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The Ultimate Review of Trending #Booktok Books: Are They Worth the Hype?

Books & Writing

Sat, January 06

Every BookToker knows that scrolling, collecting titles, and fan casting is nearly as much of a hobby as reading itself.

BookTok can be an amazing resource for readers to find the next addition to their TBR pile, yet the subcategory on TikTok is under fire from critics for its role in oversaturating the market with repetitive tropes and surface-level ideas. Some say this cheapens the industry and deceives readers, offering books that boil down to a mere few pages of performative tropes instead of a well-crafted plot, robust world-building, and profound characters. From tropes to genres to "just vibes,” BookTokers are using TikTok to seek out their most beloved plot lines.

Yet readers who once enjoyed the “classic” BookTok books such as the Cruel Prince and Shatter Me series have grown up, and as a result, BookTok has begun catering to an older audience with a huge surge in smut and sexual themes, oftentimes with violent undertones. This makes BookTok a somewhat controversial place, with recommendations that may not be appropriate for younger readers, and Wattpad-esque books that gain popularity for bandwagoning but lack the quality that makes them a worthy read.

Leave it to me, an avid BookTok scroller and reader, to help young adults sort through the rabble and find high-quality YA BookTok recommendations that still hit the nail on the head.

This Time It's Real - Ann Liang

Ages: 12+

Rating: 4.5/5 stars

Are you a fan of the fake dating trope, C-dramas, and comfort characters?

This Time It's Real is a novel about 17-year-old Eliza whose essay about meeting her true love goes viral, earning her the respect and admiration of her classmates. The only problem is: Elizas essay is a work of fiction, and she can't let anyone know the truth lest she lose an amazing career opportunity. She strikes a deal with her classmate Caz, a famous C-drama actor: if he fake dates her, she'll help him write his college applications. But the deal spirals out of control and that's where the juicy drama comes into play.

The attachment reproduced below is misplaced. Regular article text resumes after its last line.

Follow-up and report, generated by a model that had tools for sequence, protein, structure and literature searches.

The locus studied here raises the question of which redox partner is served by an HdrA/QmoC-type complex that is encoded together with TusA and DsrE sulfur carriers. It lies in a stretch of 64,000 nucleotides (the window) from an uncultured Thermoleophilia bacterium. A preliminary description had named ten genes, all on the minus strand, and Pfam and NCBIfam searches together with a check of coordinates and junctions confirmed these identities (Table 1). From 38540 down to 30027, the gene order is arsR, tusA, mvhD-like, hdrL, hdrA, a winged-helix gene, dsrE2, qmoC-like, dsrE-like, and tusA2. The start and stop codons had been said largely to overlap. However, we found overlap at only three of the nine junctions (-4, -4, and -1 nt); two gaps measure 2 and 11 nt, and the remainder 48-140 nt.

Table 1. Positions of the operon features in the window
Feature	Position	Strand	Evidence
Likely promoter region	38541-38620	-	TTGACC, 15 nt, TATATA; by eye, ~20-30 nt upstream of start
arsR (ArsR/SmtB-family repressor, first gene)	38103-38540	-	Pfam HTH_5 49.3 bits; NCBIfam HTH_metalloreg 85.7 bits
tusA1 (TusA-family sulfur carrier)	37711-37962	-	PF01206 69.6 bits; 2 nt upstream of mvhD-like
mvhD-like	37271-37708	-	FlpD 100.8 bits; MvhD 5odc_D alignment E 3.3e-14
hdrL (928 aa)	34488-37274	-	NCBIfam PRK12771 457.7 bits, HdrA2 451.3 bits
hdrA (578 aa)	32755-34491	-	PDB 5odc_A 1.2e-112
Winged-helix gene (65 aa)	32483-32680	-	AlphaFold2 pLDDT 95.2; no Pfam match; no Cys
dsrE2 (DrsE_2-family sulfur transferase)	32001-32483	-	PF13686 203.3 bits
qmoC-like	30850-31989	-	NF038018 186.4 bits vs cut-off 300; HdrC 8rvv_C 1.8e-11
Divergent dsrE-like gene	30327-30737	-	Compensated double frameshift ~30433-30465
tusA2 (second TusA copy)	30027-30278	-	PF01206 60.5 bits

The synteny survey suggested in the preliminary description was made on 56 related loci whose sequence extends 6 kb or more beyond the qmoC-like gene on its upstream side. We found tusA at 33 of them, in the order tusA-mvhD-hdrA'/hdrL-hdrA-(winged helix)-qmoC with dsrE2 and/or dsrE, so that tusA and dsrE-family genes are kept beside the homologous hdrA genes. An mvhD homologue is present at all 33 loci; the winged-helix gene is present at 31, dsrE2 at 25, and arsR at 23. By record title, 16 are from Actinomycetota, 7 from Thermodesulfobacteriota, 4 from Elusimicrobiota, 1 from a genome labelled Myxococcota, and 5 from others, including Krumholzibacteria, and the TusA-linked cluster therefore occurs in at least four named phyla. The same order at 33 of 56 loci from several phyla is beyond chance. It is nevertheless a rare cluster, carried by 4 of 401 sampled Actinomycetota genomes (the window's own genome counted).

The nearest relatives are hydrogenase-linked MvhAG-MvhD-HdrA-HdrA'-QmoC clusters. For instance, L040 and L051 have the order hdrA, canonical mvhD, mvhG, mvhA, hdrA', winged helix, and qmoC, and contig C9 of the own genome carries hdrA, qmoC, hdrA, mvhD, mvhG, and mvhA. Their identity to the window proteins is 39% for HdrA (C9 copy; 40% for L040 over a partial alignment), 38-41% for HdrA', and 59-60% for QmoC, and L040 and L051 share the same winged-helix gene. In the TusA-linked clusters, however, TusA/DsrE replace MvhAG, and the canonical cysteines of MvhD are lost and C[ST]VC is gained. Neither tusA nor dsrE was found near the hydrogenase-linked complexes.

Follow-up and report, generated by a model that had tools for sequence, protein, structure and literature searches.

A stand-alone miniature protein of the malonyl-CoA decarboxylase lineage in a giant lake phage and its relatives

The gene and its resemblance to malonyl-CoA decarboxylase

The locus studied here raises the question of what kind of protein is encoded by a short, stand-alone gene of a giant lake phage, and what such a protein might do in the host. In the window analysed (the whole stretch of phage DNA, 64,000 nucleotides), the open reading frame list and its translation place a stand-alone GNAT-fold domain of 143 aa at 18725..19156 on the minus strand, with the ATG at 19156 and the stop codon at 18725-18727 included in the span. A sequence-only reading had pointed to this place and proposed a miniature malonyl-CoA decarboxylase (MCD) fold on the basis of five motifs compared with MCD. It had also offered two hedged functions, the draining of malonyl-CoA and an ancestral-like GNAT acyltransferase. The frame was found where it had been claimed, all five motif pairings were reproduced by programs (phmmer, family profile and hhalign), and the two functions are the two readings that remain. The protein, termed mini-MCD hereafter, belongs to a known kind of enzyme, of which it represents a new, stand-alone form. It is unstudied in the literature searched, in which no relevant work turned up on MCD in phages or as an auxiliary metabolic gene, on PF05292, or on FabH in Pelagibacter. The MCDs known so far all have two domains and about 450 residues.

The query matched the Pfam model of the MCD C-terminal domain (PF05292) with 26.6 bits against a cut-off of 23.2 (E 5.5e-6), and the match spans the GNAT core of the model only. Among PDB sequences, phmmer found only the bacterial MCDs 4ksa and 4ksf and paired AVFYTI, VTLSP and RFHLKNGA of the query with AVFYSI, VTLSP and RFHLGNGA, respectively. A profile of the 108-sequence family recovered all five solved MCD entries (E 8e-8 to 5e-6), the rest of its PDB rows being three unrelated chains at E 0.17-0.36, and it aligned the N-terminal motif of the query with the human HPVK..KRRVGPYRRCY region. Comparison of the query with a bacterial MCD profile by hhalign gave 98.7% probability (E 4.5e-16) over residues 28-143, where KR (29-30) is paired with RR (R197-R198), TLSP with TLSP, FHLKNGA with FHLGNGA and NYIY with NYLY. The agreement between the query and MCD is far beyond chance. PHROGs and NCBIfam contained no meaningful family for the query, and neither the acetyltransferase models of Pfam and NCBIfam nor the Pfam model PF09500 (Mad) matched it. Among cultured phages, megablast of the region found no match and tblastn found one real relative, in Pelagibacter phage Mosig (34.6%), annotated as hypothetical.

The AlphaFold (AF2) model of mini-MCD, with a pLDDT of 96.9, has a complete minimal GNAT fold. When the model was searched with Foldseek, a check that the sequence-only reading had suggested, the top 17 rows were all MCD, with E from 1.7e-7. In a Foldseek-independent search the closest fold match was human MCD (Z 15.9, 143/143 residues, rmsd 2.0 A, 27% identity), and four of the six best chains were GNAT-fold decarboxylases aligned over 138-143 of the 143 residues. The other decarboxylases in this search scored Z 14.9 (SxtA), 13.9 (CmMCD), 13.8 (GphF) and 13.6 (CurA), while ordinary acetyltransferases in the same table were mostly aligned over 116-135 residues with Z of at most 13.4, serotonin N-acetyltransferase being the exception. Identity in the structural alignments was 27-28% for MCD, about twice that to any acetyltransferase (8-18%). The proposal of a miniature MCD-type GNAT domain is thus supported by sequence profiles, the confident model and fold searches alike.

As characterized by the dedication in the very beginning, this book is “for all the cynics who secretly still believe in love.” To many readers, the book is so much more than a romcom, but rather a story about fitting in, academic pressures, and finding love in family and culture. The cozy read is a bittersweet tearjerker with a happy ending. With relatable lines such as: “It takes so little for me to love someone, yet so long for me to move on,” young readers will find both humor and solace in this book. This book is definitely worth the hype - it delivers exactly what it advertises!

Heart Bones - Colleen Hoover

Ages: 14+

Rating: 2/5 stars

It's hard to step a foot inside of BookTok without having your feed flooded with Colleen Hoover content. Though most of her books are age rated 16+, her books are so popular that readers might find themselves drawn to novels like It Ends With Us and Ugly Love. Yet danger lies in the Colleen Hoover hype.

Many critics of Hoover claim that despite the age rating, the books are intentionally targeted towards youth, and indeed it seems that younger audiences enjoy getting their hands on her works. Yet readers should note that the author has become controversial because of the romanticization of abuse, grooming, and sexual violence in her stories. With such themes, impressionable book lovers may want to steer clear; however, as someone who was once also a young reader with a taste for romance and a language comprehension far above my grade level, I know that isn't likely to happen. So, Heart Bones, the infamous YA Hoover novel, may attract young readers who like romance and want to explore heavier themes and begin to transition into new adult genres.